Patents - Koninklijke Philips NV v Tinno Mobile Technology Corp.

Fair, Reasonable and Non-Discriminatory
Photographer Tumi-1983


Jane Lambert

Chancery Division (Mr Justice Mann) Koninklijke Philips NV v Tinno Mobile Technology Corporation and others [2020] EWHC 2553 (Ch) (25 Sept 2020)

This was an application and cross-application in a patent infringement case.  Koninklijke Philips NV ("Phillips") claimed that the TCL Corporation and four of its subsidiaries ("TCL") had infringed two of its patents in complying with an ETSI standard for 3G and 4G phones.  At first, TCL denied infringement, challenged the essentiality and validity of the patents and the jurisdiction of the court. Later it declared itself willing to take a licence on FRAND terms and applied to the French courts to determine them.

Phillips tried unsuccessfully to persuade the French court to stay the proceedings in France to allow its claim in  England to proceed.  By a decision dated 6 Feb 2020 (Ordonnance du Juge de la Mise en État), the French procedural judge dismissed Phillips's application on the ground that the case in France was not substantially the same as the proceedings in England.

TCL applied to Mr Justice Mann for a stay of the English proceedings on the ground that the court in France was first seised of the FRAND determination before the court in England.   Phillips applied for declarations that its patents were valid and essential and that they had been infringed.   It also applied for disclosure of TCK's sales and payment on account of its anticipated damages.  The application and cross-application were heard on 25 and 26 Jul and 6 Aug 2020 and his lordship delivered judgment on 25 Sept 2020.  In  Koninklijke Philips NV v Tinno Mobile Technology Corporation and others [2020] EWHC 2553 (Ch) (25 Sept 2020) he refused TCL's application. The parties agreed terms for the disposal of the application for a declaration and adjournment of the claim for an interim payment. However, the judge made an order for the disclosure of TCL's sales of infringing items.

Having successfully resisted Phillips's application to stay the French proceedings, TCLmust have believed that it had a good chance of staying the proceedings in England under art 29 or 30 of the Brussels 1 Regulation (Regulation (EU) No 1215/2012 of the European Parliament and of the Council of 12 December 2012 on jurisdiction and the recognition and enforcement of judgments in civil and commercial matters OJ L 351, 20.12.2012, p. 1–32).  Art 29 (1) provides:

"Without prejudice to Article 31 (2), where proceedings involving the same cause of action and between the same parties are brought in the courts of different Member States, any court other than the court first seised shall of its own motion stay its proceedings until such time as the jurisdiction of the court first seised is established."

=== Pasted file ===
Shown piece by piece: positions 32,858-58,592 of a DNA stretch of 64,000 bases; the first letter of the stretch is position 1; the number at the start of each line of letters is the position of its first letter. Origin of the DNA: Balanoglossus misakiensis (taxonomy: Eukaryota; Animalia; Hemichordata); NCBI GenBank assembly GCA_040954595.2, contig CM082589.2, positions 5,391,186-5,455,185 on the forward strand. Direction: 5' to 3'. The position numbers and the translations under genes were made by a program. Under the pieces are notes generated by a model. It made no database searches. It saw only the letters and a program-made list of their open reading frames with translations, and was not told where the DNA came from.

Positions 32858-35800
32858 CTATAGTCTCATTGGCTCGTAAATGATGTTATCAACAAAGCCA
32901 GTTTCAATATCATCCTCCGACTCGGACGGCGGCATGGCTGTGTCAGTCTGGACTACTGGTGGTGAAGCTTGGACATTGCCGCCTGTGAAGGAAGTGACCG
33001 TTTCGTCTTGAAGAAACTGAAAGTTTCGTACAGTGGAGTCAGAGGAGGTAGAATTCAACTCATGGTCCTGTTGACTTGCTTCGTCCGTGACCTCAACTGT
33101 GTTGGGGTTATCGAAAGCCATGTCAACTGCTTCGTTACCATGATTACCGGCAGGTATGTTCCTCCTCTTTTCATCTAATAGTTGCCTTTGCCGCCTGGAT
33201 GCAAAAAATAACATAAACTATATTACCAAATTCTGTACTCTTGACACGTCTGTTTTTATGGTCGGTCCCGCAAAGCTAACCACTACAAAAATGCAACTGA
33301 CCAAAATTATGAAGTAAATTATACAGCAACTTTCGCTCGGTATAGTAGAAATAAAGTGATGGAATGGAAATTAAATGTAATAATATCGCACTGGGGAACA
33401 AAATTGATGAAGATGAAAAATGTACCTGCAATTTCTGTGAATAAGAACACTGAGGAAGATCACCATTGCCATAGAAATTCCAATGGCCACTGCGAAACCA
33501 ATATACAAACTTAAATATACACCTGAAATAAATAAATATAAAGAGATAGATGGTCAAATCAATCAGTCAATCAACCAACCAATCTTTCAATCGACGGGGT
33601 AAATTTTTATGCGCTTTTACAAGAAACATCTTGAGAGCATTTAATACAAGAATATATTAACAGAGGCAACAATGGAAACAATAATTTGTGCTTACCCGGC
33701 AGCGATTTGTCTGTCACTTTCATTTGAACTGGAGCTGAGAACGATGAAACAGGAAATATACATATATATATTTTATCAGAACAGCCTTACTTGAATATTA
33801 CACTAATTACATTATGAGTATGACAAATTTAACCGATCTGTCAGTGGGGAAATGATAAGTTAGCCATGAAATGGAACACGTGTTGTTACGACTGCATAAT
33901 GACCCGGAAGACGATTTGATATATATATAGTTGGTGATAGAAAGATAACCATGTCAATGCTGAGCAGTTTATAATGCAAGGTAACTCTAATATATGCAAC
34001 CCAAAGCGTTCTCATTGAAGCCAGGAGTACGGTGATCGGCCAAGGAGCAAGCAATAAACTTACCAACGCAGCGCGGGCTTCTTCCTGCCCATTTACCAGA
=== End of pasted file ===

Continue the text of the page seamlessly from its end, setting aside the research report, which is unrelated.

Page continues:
Art 30 further provides:

"1. Where related actions are pending in the courts of different Member States, any court other than the court first seised may stay its proceedings.
2. Where the action in the court first seised is pending at first instance, any other court may also, on the application of one of the parties, decline jurisdiction if the court first seised has jurisdiction over the actions in question and its law permits the consolidation thereof.
3. For the purposes of this Article, actions are deemed to be related where they are so closely connected that it is expedient to hear and determine them together to avoid the risk of irreconcilable judgments resulting from separate proceedings."

TCL argued that in rejecting Phillips's procedural challenges the French judge had tacitly accepted TCL's contention that the French court had been first seised of the issues in dispute  Upon analysing her judgment, Mr Justice Mann concluded that the French judge had decided the opposite.  She had found that the causes of action were different.   The action before the English court was a claim for patent infringement whereas the French court had been asked to enforce clause 6.1 of ETSI's IP Rights Policy. Mr Justice Mann also accepted Phillips's alternative case that the English courts had been first seised of the determination of FRAND in that Phillips had sought an injunction only if TCL refused to take a licence on FRAND terms. 

The learned judge also rejected TCL's argument that FRAND was a "related issue" within the meaning of art 30 (1) and that the English court only became seised of that issue after the parties were directed to file pleadings on FRAND which happened to be after the launch of the French proceedings.  In his lordship's view, FRAND had been an issue from the very start of the proceedings in that it was mentioned in the claim form.  It followed that the court had no jurisdiction to stay proceedings under art 30 (1).